This is a lovely, rather romantic piece of work! My thanks to reader Don Gray!
The Boat Building Academy is inviting everyone to celebrate the launch of seven boats built by students on the internationally recognised 38-week boat building course. The launch is at 9:30am on Thursday 31 May at Lyme Regis harbour.
The 18 students are launching seven boats:
- 17ft ply-on-frame Glen-L Ski King with 57hp inboard diesel engine
- 16ft 6in Mill Creek two-seater kayak of foam-cored composite construction
- 16ft6in Mill Creek two-seater kayak with a marine ply hull and a yellow cedar and sapele deck
- a 19ft 7in Atkin-designed Utility Sea Skiff named Scamp. Her hull strip planked in yellow cedar, two layers of mahogany veneers cold moulded & sheathed, sapele back bone. The design has been adapted to accept an outboard motor, rather than an inboard engine. It has a sweet chestnut deck and fit out
- 14ft Stirling & Son daysailer in glued clinker construction, using plywood and mahogany, with an oak keel and deck
- 14ft Paul Gartside Skylark lug-rigged sailing dinghy in traditional clinker construction, in mahogany on an an oak keel and timbers
- 18ft 2in Iain Oughtred Artic Tern, in glued clinker construction, with a mahogany ply hull, sapele well deck & trim, and iroko soles
The class of August 2017 come from all over the world, including Spain and the USA and locally, and their backgrounds are just as varied: they include musicians, lawyers, construction designers, teachers and a 17-year-old school leaver, who at home in the Scillies, has already worked with more boats than most students.
Students join the course for a variety of reasons, some join to retrain for a new career in the marine industry or to take a sabbatical from an intensive job. Others, like husband and wife Ros and David, both naval architects whose projects included aircraft carriers and warships, joined to build on their skillset so that they can maintain their 40-year-old wooden Osprey sailing dinghy.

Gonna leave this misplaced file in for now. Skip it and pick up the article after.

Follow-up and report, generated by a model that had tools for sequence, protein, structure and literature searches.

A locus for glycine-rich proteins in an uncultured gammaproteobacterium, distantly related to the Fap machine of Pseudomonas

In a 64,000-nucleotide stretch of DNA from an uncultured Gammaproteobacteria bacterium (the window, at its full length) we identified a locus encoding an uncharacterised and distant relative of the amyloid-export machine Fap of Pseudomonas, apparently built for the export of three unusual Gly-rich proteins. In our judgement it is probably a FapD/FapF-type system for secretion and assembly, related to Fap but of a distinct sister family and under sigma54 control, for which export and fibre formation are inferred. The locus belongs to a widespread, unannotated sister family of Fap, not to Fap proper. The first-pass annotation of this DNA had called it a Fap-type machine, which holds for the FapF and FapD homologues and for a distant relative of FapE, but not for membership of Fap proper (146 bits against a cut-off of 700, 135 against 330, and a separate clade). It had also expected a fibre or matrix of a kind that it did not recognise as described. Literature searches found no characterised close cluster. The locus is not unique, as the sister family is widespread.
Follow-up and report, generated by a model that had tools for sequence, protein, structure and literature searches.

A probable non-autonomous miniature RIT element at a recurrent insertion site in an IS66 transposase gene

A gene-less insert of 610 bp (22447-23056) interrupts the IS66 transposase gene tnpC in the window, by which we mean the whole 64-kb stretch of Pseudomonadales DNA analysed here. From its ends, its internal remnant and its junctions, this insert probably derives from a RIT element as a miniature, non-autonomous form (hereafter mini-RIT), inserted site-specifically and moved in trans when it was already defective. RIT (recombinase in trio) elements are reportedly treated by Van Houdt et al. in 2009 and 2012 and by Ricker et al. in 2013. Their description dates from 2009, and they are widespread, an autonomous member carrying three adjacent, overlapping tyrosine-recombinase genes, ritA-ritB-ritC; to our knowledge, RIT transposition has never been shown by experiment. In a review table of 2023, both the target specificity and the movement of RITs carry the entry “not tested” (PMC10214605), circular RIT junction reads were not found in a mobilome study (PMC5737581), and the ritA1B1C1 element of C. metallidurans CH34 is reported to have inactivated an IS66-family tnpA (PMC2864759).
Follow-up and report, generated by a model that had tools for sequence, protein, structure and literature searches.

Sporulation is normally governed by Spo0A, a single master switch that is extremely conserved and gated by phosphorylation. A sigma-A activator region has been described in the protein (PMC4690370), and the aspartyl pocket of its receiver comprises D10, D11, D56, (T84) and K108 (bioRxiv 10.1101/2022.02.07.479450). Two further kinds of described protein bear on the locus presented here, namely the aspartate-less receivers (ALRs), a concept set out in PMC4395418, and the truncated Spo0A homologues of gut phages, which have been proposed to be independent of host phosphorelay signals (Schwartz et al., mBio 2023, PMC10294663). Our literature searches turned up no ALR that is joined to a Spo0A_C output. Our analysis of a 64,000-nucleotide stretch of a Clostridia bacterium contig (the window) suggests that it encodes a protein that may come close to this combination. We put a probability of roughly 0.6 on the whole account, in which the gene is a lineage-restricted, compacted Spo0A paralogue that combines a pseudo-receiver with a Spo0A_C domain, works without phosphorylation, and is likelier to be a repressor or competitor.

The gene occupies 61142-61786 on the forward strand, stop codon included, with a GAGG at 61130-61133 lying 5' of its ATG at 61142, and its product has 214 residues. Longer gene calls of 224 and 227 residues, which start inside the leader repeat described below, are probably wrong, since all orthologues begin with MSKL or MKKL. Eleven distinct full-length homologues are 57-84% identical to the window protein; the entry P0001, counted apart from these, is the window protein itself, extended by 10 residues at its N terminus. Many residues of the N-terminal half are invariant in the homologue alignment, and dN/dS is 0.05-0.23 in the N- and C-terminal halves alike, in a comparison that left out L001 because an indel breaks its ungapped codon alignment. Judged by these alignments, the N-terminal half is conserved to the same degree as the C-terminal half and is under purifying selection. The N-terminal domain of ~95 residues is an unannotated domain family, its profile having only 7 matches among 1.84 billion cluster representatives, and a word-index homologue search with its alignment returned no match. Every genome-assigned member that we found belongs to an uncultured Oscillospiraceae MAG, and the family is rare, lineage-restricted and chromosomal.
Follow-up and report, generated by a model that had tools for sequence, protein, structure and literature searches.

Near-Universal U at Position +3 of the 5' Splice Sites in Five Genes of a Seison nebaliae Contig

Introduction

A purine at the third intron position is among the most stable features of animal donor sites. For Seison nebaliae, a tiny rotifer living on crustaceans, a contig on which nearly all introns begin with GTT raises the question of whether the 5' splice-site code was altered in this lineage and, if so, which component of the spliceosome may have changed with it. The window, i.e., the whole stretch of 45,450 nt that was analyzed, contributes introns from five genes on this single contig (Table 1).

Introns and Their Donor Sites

Students graduate from the Academy with the industry=recognised City & Guilds level 3 diploma in marine construction, systems engineering and maintenance.
For further details and to see a preview of the boats see www.boatbuildingacademy.com.
North Kent based marine carpenter Kyle Abingdon reports that he and his parter have built this very striking 15ft6in 1940s class C hydroplane from designer Bruce Crandall’s plans, and that she’s up for sale.
Here’s what he says:
‘She’s made out of Robbins Elite marine ply sheathed in biaxle cloth and epoxy and has Douglas fir for stringers, stem and keel with plywood web frames.
‘We’ve given her a sapele deck, although the racing boats would not have had this. I couldn’t resist given the lovely barrel shape of the deck. Also she has a teak rubbing strakes.
‘The stainless steel fin will help her turn when she’s up on the plane.
‘She’s sitting on a new galvanised trailer.’
Drop me a line at gmatkin at gmail dot com and I’ll pass your enquiry on to him.
Looking at this page about hydroplane classes in 1951 seems to suggest the maximum permitted engine capacity for this kind of hydroplane would have been about 2.9 litres – though the very thought of that big a lump makes a lump in my throat. Take care, Kyle – I think engines may be more powerful for their size these days!